Buy Side

AAA

DEFINITION of 'Buy Side'

The side of Wall Street comprising the investing institutions such as mutual funds, pension funds and insurance firms that tend to buy large portions of securities for money-management purposes. The buy side is the opposite of the sell-side entities, which provide recommendations for upgrades, downgrades, target prices and opinions to the public market. Together, the buy side and sell side make up both sides of Wall Street.

BREAKING DOWN 'Buy Side'

For example, a buy-side analyst typically works in a non-brokerage firm (i.e. mutual fund or pension fund) and provides research and recommendations exclusively for the benefit of the company's own money managers (as opposed to individual investors). Unlike sell-side recommendations - which are meant for the public - buy-side recommendations are not available to anyone outside the firm. In fact, if the buy-side analyst stumbles upon a formula, vision or approach that works, it is kept secret.

RELATED TERMS
  1. Security

    A financial instrument that represents an ownership position ...
  2. Direct Market Access - DMA

    This refers to electronic facilities, often supplied by independent ...
  3. Pension Plan

    A type of retirement plan, usually tax exempt, wherein an employer ...
  4. Institutional Investor

    A non-bank person or organization that trades securities in large ...
  5. Mutual Fund

    An investment vehicle that is made up of a pool of funds collected ...
  6. Wall Street

    1. A street in lower Manhattan that is the original home of the ...
Related Articles
  1. Insurance

    What You Need To Know About Financial Analysts

    Thinking about relying on analyst recommendations for your next trade? We'll show you what to watch out for.
  2. Professionals

    So, You Want To Earn Your CFA?

    Here are some pros and cons to consider before you take the CFA charter plunge.
  3. Professionals

    Becoming A Financial Analyst

    A career as a financial analyst requires preparation and hard work, but the payoff can be especially rewarding.
  4. Personal Finance

    Testing 3 Types Of Analysts

    Different clients require different research reports. Which type of analyst do you need?
  5. Retirement

    How The Big Boys Buy

    Learn what those in-the-know look for when acquiring a company.
  6. Investing

    Five Things to Consider Now for Your 401(k)

    If you can’t stand still, when it comes to checking your 401 (k) balance, focus on these 5 steps to help channel your worries in a more productive manner.
  7. Professionals

    Index or Target Dates in 401(k)s: Which is Better?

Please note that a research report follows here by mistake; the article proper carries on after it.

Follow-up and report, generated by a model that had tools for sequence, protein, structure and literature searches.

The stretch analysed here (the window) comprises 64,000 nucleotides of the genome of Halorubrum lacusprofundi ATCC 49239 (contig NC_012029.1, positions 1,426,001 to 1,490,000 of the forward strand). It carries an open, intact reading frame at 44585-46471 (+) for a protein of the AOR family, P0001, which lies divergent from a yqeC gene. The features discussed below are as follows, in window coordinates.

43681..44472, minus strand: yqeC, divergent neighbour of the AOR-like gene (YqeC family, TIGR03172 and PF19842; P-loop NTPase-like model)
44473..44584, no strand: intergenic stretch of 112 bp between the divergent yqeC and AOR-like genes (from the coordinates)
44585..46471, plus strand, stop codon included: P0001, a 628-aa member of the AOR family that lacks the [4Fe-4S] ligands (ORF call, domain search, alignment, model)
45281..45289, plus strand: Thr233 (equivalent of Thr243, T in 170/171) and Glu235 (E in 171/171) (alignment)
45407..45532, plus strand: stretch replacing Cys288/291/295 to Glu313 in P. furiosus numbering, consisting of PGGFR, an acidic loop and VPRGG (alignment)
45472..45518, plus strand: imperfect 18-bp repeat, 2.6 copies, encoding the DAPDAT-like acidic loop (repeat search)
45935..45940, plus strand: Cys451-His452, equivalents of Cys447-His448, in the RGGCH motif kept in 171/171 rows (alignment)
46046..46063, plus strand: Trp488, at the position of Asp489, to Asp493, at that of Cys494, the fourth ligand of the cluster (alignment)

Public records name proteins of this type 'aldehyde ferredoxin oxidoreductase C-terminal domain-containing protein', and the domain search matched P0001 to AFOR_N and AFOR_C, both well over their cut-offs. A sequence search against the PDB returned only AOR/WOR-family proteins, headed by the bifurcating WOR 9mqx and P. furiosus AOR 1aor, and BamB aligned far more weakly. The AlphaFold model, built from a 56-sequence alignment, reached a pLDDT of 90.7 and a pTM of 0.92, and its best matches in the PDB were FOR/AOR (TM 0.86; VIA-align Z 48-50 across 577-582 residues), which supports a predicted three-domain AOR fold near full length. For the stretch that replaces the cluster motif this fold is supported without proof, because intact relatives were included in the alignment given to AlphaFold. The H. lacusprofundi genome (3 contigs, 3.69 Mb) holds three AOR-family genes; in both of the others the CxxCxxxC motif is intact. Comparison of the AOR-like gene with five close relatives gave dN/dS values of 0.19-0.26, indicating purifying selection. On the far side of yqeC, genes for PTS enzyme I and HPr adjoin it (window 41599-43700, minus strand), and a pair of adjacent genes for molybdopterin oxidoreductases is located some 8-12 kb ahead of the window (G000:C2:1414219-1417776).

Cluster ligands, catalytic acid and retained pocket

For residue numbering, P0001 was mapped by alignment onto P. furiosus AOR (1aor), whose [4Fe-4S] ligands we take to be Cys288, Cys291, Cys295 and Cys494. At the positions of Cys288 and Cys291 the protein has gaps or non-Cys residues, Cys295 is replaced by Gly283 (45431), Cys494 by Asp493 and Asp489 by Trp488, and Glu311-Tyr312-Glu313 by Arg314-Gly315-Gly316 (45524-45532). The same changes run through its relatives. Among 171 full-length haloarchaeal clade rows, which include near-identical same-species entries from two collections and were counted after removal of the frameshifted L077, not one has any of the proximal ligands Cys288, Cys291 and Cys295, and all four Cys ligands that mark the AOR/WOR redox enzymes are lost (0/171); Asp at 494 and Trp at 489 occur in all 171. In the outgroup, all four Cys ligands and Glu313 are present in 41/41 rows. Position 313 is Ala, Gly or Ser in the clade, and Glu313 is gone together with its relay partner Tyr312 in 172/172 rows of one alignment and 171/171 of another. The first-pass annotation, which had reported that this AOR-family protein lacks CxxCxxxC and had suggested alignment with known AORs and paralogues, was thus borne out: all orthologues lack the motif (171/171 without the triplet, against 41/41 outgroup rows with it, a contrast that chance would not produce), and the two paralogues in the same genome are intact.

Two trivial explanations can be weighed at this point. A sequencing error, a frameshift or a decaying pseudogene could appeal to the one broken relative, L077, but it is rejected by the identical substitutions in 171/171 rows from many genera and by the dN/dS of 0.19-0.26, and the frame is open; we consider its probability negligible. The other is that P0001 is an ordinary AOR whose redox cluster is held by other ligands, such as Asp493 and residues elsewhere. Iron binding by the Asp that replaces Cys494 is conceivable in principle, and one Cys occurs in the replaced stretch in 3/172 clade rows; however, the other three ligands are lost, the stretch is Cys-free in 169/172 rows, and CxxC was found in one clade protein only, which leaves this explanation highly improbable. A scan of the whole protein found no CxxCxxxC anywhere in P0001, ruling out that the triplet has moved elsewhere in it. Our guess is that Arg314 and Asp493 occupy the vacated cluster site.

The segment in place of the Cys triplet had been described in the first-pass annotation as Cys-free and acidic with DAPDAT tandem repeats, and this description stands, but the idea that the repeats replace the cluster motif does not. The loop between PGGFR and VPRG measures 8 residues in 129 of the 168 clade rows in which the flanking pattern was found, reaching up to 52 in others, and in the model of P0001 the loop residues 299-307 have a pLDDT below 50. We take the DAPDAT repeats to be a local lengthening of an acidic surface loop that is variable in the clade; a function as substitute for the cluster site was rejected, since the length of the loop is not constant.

A common question is whether or not plan participants should choose index or target date funds in a 401(k). The answer depends on different scenarios.
  8. Investing

    6 Reasons Why Every Investor Should Consider ETFs

    Once you understand the benefits of ETFs, you’ll see how they could be an exciting and smart way to help meet your financial goals. Here some key facts.
  9. Term

    What's an Investment Advisor?

    An investment or financial advisor makes investment recommendations and analyzes securities.
  10. Investing News

    Understanding How Mutual Funds Pay Dividends

    The process by which mutual fund dividends are calculated, distributed and reported is fairly straightforward in most cases. Here's a look.
RELATED FAQS
  1. What is the difference between a buy-side analyst and a sell-side analyst?

    The main difference between these two types of analysts is the type of firm that employs them and the people to whom they ... Read Full Answer >>
  2. Is there a situation in which wash trading is legal?

    Wash trading, the intentional practice of manipulating a stock's activity level to deceive other investors, is not a legal ... Read Full Answer >>
  3. What action is the SEC likely to take on 12b-1 fees?

    The Securities and Exchange Commission (SEC) may take action to impose greater regulation on how 12b-1 fees are used, or ... Read Full Answer >>
  4. What is considered a reasonable 12b-1 fee?

    A reasonable 12b-1 fee is generally considered to be 0.25% of the assets of the mutual fund. The maximum amount allowed for ... Read Full Answer >>
  5. What are some of the most common mutual funds that give exposure to the retail sector?

    There are a number of mutual funds that give exposure to the retail sector. Three of the most popular funds are the Fidelity ... Read Full Answer >>
  6. What is the 12b-1 fee meant to cover?

    A 12b-1 fee in a mutual fund is meant to cover the fees of companies and individuals through which investors of a fund buy ... Read Full Answer >>

You May Also Like

Hot Definitions
  1. Dead Cat Bounce

    A temporary recovery from a prolonged decline or bear market, followed by the continuation of the downtrend. A dead cat bounce ...
  2. Bear Market

    A market condition in which the prices of securities are falling, and widespread pessimism causes the negative sentiment ...
  3. Alligator Spread

    An unprofitable spread that occurs as a result of large commissions charged on the transaction, regardless of favorable market ...
  4. Tiger Cub Economies

    The four Southeast Asian economies of Indonesia, Malaysia, the Philippines and Thailand. Tiger cub economy indicates that ...
  5. Gorilla

    A company that dominates an industry without having a complete monopoly. A gorilla firm has large control of the pricing ...
  6. Elephants

    Slang for large institutions that have the funds to make high volumes trades. Due to the large volumes of stock that elephants ...
Trading Center
×

You are using adblocking software

Want access to all of Investopedia? Add us to your “whitelist”
so you'll never miss a feature!